LONDON - WikiLeaks founder Julian Assange used the balcony of the Ecuadorean embassy on Sunday to berate the United States for threatening freedom of expression and called on US President Barack Obama to end what he called a witch-hunt against his whistle-blowing website.

Speaking from within the London mission to avoid arrest by British police who want to extradite him to Sweden for questioning over rape allegations, Assange said the United States was fighting a war against outlets like WikiLeaks.

Pitching himself alongside Russian punk band Pussy Riot and the New York Times newspaper, Assange said the United States risked shunting the world into an era of journalistic oppression. He did not address the rape allegations.

"As WikiLeaks stands under threat, so does the freedom of expression and the health of all of our societies," Assange said, dressed in a maroon tie and blue shirt, flanked by the yellow, blue and red Ecuadorean flag.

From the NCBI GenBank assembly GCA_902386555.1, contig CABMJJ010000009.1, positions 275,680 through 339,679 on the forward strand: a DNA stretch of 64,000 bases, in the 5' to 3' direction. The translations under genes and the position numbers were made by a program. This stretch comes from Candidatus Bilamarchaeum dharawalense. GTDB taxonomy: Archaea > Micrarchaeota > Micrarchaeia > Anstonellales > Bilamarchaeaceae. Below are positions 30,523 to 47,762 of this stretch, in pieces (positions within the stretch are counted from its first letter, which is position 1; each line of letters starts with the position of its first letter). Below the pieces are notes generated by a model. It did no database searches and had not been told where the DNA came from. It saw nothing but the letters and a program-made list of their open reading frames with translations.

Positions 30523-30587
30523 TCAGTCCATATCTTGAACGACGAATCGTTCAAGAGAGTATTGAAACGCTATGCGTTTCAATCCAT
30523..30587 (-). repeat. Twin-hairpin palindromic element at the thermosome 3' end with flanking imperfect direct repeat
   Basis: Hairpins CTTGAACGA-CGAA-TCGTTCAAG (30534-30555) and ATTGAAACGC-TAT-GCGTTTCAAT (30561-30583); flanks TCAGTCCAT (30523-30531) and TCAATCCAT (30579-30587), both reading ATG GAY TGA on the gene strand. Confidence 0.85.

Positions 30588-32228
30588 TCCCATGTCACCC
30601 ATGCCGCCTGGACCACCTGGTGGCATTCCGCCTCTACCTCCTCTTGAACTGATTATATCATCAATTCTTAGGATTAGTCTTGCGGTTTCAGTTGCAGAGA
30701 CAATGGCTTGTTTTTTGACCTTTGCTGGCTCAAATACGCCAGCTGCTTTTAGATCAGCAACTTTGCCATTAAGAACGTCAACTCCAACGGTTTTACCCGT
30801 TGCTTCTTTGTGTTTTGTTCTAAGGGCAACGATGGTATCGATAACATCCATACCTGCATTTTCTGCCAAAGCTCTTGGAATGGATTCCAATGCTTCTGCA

"I ask President Obama to do the right thing: the United States much renounce its witch-hunt against WikiLeaks," Assange said in a 10-minute speech which he ended with two thumbs up to the world's media.

Ecuadorean President Rafael Correa, a self-declared enemy of "corrupt" media and US "imperialism", granted the former computer hacker political asylum last week, deepening a diplomatic standoff with Britain and Sweden.

Asylum in Ecuador marked the latest twist in a tumultuous journey for Assange since he incensed the United States and its allies by using his WikiLeaks website to leak hundreds of thousands of secret US diplomatic and military cables in 2010, disclosures that often embarrassed Washington.

Assange, 41, took sanctuary in the embassy in June, jumping bail after exhausting appeals in British courts against extradition to Sweden, where he is wanted in Sweden for questioning regarding allegations of rape and sexual assault against two women.

He says he fears Sweden will eventually hand him over to the United States where, in his view, he would face persecution and long-term imprisonment. The United States says it is not involved in the matter.

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